Of the 63 applicants, 31 met the inclusion criteria, 9 participated in the consent interview, and 8 were included in the study. One of the participants dropped out on the second day of the study, so the study continued with n = 7. The seven healthy adult female participants were 26 ± 3.92 years old and had an average BMI of 21.53 ± 2.05 kg/m2.
3.1. Caffeine in the Coffee Samples
The solutions containing decaffeinated coffee contained an average of 2.926 ± 0.255 mg of caffeine per 250 mL. Corresponding to the weighed-in amount of caffeine, the mean of the test solutions containing caffeine was 152.790 ± 9.033 mg/250 mL (see Table 1).
3.2. ßHB and Glucose in Capillary Blood
The mean of ßHB after overnight fasting was 0.148 ± 0.017 mmol/L (min = 0.000; max = 0.400). A significant difference between t0 and tmax was shown for all interventions except CTL−, C10−, and CO−; the concentration curves of the caffeinated interventions were consistently above the caffeine-free variants, and the maximum means were significantly higher. No evidence of significant differences between the caffeine-free and the caffeinated interventions was shown using the Friedman test. A significant difference was shown by the interventions CTL− vs. C8− (), C8− vs. C10− (), and C8− vs. CO− (). A difference was observed between C10− vs. C10+ () and CO− vs. CO+ () when the AUC was considered. Furthermore, evidence of significance was confirmed for time-concentration curves for the caffeine-free, oil-containing interventions (C8− vs. C10−; C8− vs. CO−). Regardless of statistical testing, interventions with caffeine demonstrated higher concentrations and curve progression of ßHB (see Figures 2 and 3).
At the start of the interventions (t0; overnight fasting), blood glucose levels were within the normal range (87 ± 5.860 mg/dL). The overall course of glucose measurements was unremarkable, and the mean was 84.611 ± 6.678 mg/dL (see Figure S1). No significant differences between the interventions were found.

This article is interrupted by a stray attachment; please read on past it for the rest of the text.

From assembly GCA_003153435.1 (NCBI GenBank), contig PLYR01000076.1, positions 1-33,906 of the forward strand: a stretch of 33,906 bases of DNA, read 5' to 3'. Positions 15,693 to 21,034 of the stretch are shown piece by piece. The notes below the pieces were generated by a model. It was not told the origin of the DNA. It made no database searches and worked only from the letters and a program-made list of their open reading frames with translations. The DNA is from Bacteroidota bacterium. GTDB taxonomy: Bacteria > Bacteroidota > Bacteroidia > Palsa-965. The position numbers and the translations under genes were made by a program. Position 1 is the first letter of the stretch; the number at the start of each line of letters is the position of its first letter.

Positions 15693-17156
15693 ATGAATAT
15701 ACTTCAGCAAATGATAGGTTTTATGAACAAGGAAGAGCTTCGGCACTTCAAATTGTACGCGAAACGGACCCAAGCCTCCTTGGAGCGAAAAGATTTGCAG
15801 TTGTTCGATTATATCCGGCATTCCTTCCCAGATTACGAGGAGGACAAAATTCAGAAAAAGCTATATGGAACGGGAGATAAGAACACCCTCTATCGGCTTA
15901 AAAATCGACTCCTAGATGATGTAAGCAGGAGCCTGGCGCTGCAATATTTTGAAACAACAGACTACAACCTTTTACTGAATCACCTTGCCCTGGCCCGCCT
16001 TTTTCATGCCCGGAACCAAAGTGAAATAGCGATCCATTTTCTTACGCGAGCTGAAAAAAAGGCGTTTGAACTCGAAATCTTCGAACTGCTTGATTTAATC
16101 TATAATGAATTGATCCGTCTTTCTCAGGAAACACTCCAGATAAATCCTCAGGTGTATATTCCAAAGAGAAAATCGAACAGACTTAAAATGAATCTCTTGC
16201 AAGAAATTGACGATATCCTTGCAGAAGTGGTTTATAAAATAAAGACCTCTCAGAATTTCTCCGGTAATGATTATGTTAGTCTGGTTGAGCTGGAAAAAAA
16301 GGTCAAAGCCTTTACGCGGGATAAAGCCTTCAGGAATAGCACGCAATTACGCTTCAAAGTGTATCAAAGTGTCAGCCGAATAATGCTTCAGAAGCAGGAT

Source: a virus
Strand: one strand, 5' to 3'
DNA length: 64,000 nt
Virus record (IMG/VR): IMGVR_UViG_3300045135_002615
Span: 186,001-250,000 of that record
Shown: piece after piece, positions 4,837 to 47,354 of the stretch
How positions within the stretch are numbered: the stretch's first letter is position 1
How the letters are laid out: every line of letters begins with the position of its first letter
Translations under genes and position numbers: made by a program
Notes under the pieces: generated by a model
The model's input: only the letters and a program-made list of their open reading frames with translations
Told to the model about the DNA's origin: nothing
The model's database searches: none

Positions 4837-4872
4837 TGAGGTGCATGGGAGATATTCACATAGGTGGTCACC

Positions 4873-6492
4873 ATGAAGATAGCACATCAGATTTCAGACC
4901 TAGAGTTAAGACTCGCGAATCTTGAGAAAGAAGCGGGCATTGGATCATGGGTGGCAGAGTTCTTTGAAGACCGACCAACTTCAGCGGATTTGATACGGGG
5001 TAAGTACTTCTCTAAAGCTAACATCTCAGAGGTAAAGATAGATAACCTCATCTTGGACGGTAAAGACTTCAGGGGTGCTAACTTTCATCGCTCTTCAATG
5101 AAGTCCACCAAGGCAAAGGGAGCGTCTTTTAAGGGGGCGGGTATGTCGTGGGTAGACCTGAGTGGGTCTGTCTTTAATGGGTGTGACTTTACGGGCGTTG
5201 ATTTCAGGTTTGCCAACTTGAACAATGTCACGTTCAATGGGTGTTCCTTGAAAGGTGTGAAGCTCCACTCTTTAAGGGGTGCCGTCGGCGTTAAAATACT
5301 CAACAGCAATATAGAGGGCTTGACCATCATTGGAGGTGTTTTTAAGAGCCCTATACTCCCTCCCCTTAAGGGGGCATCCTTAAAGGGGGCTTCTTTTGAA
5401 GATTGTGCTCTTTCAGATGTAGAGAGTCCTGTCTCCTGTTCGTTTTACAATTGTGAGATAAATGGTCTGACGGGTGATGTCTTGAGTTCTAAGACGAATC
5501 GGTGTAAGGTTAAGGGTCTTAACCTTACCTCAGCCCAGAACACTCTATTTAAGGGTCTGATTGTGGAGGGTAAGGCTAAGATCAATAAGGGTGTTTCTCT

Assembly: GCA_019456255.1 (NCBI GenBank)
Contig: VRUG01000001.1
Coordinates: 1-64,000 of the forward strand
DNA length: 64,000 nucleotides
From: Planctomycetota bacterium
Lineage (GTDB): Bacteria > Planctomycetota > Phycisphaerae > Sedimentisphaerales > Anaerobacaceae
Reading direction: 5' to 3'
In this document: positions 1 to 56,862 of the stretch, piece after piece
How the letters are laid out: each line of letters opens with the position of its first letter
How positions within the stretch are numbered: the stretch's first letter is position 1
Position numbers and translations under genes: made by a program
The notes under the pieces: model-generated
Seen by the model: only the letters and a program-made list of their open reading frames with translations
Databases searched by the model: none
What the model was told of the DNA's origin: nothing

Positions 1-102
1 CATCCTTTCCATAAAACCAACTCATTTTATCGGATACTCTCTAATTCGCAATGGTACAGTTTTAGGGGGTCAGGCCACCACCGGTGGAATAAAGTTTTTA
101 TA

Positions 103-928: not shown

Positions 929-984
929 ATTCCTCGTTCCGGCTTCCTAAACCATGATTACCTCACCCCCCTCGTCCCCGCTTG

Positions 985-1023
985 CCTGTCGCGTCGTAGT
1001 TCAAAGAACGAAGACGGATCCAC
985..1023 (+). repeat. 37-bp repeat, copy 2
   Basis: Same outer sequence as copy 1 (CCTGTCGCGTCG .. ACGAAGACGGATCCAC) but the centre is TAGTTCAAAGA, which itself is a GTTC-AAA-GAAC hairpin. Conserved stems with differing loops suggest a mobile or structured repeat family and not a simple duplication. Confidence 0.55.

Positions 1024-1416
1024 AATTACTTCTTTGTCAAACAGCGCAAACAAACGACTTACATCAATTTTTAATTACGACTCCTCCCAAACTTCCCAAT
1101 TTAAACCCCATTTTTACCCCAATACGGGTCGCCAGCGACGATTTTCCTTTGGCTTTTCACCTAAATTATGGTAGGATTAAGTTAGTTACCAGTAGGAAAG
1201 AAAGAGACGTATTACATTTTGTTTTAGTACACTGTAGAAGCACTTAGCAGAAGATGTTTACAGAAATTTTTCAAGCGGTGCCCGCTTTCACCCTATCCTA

3.3. Caffeine in Saliva
At the beginning of the interventions, salivary caffeine concentrations averaged 0.233 ± 0.367 μg/mL. Accordingly, the instructed caffeine abstinence was observed by the subjects. Forty minutes (t1) after ingesting the test solutions, the mean maximum of caffeine in saliva was 5.648 ± 2.086 μg/mL. As the interventions progressed, the concentration decreased to 3.123 ± 1.382 μg/mL (240 min). As expected, there were no significant differences between the AUC of the interventions. Compared to the ßHB curves, there was no concentration dependence on caffeine, as there were 80–200 minutes between the maxima, depending on the intervention (see Figure 3).
3.4. Sensory Interview
The average taste of the solutions was rated on as “neither good nor bad.” There were no noticeable differences between the individual beverages independent of oil or caffeine content. The acidity was rated as “too intense.” The aroma was rated as “just right” or “not intense enough.” Bitterness was also consistently rated as average. In all samples, aftertaste was frequently rated as “too intense” irrespective of caffeine or MCT was added. An oily mouthfeel was rarely noted by the participants in the samples containing MCTs. Further, the caffeine-free interventions could not be distinguished from the caffeinated interventions. In 61% of the interventions, it was indicated by the participants that the sample contained caffeine.
3.5. Hunger and Satiety
Due to the overnight fasting, at the beginning of the intervention, the participants were hungry (min 3 ± 3.1 C10+; max 5.29 ± 2.98 C8−). All interventions showed an increase in hunger (min 6.17 ± 1.84 C10+; max 8.43 ± 1.13 C8−) and a decrease in satiety. At the beginning and end of the interventions, all values for satiety were below 3.
3.6. Side Effects
The most common side effects of the interventions were difficulty concentrating , abdominal pain , nausea , and headache  (see Table 2). The abdominal symptoms were most common in the oil-based interventions. Overall, the caffeine-free interventions tended more to cause side effects.
As expected, only small amounts of caffeine were present in caffeine-free coffee (2.926 ± 0.255 mg/250 mL). When the quality of the caffeine weights was verified, minor deviations (152.790 ± 9.033 mg/250 mL) were present, indicating a uniform intervention course. The use of 150 mg of caffeine per 250 mL of liquid corresponds to the average caffeine content of a regular cup of coffee, or 50–100 mg/150 mL. Based on the test participants, this corresponds to an intake of approx. 2.5 mg caffeine per kg body weight.